Staying active: is it as good for your wealth as it is for your health?
Post by Mearns & Company in News
Brexit or Brussels? Craft beer or Gin and Tonic? Active or passive investing? All hot topics of debate up and down the land (ok the last one probably isn’t, but it should be!).
Whether you use an active or passive investment approach when managing your portfolio can be a crucial factor which may determine long-term investment performance. So which is better, and how do we decide which approach to take when helping to manage our clients’ portfolios at Mearns & Company?
What is active and passive investing?
Let’s start by defining what we mean by active and passive investing. Active investing, as the name suggests, is the active selection of investments (whether that be funds, shares or bonds) which an individual (often a professional fund manager) believes will outperform in the future. Active investors believe that it is possible to beat the market by selecting investments with good growth prospects and avoiding investments which they think will underperform.
Passive investors, on the other hand, believe that it’s not possible to outperform the market with this selective approach. They prefer to take a more hands-off approach, often using lower-cost products to track the market as a whole.
Advantages and disadvantages
Much has been written about the advantages and disadvantages of both approaches, and I could talk for hours on the subject (ask my wife!) but, as we are all busy people (kids to taxi, box-sets to catch up on etc), I have set out the key factors we believe are most important here at Mearns & Company. This is by no means an exhaustive list:
- Opportunity to outperform the market
- Risk management – ability to avoid certain sectors or investments if they are deemed too risky
- Forward looking – ability to invest in tomorrow’s winners
- Active investing can be higher cost
- It requires a lot more investment research
- Market outperformance is not guaranteed
- Lower cost
- Very transparent – investors always know which investments are held
- Simplicity – investors can remove and reinvest with relative ease
- No downside protection
- Backward focused – investments are only held once they are included in an index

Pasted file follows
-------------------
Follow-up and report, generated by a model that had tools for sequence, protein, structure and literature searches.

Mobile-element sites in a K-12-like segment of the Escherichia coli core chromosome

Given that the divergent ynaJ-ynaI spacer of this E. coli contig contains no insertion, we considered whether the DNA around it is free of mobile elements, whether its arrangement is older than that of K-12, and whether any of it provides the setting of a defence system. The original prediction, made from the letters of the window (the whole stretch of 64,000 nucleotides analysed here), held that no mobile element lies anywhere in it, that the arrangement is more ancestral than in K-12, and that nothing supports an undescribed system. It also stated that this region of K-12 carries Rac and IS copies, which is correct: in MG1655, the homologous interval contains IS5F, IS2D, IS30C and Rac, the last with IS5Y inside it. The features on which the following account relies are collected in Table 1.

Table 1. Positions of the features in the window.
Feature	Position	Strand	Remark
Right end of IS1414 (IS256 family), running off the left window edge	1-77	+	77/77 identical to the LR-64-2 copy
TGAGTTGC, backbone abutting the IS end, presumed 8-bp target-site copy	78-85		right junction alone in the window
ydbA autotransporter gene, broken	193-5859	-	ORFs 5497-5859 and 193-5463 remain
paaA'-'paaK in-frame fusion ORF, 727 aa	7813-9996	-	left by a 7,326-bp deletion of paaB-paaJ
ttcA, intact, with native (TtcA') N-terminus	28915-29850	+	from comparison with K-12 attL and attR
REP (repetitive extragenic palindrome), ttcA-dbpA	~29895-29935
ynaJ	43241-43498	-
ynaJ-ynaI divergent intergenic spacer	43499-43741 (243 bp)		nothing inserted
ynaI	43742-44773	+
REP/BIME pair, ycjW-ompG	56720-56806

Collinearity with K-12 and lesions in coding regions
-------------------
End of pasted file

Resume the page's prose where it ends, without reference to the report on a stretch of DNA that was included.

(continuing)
- No potential to outperform the market
Mearns & Company’s approach
So, armed with a list of advantages and disadvantages for both active and passive investing, which approach do we prefer to use when managing our clients’ portfolios here at Mearns & Company? The short answer is ‘both’.
The majority of our clients’ portfolios are invested in active funds. They always have been. The extensive research that we have carried out, and the years of experience we have in this area, have always pointed to the fact that identifying outstanding funds, that consistently outperform the market over the long-term, is beneficial for our clients’ portfolios. This is something we have been successful at over the years, and the experience and diligence of our in-house Investment Committee makes me see no reason why this should change in the future.
However, it is very important to point out that we are not wedded to an active approach (or any other approach for that matter). If the weight of evidence starts to change our view, and we think passive investing is the way forward, then we are nimble enough to reassess the situation and do what we always do – recommend the most appropriate strategy to best suit our clients’ needs and help them achieve their goals.
So where does passive investing play a role in our approach? Well, some investment universes are so small, and the competitive advantages that can be found by an active investment approach are so limited, that we prefer to use passive funds. Most notably, we prefer passively managed funds in some of our lower-risk portfolios to gain exposure to UK Government Bonds (Gilts). Paying a higher fee for active fund management in this particular sector would not represent good value.
So, the next time your doctor asks you if you are staying active, remember to tell him ‘I am at the moment Doc, but only while it’s still good for my wealth!’
Kevin Collie DipPFS
The value of your investment can go down as well as up and you may not get back the full amount you invested.
Past performance is not a reliable indicator of future performance.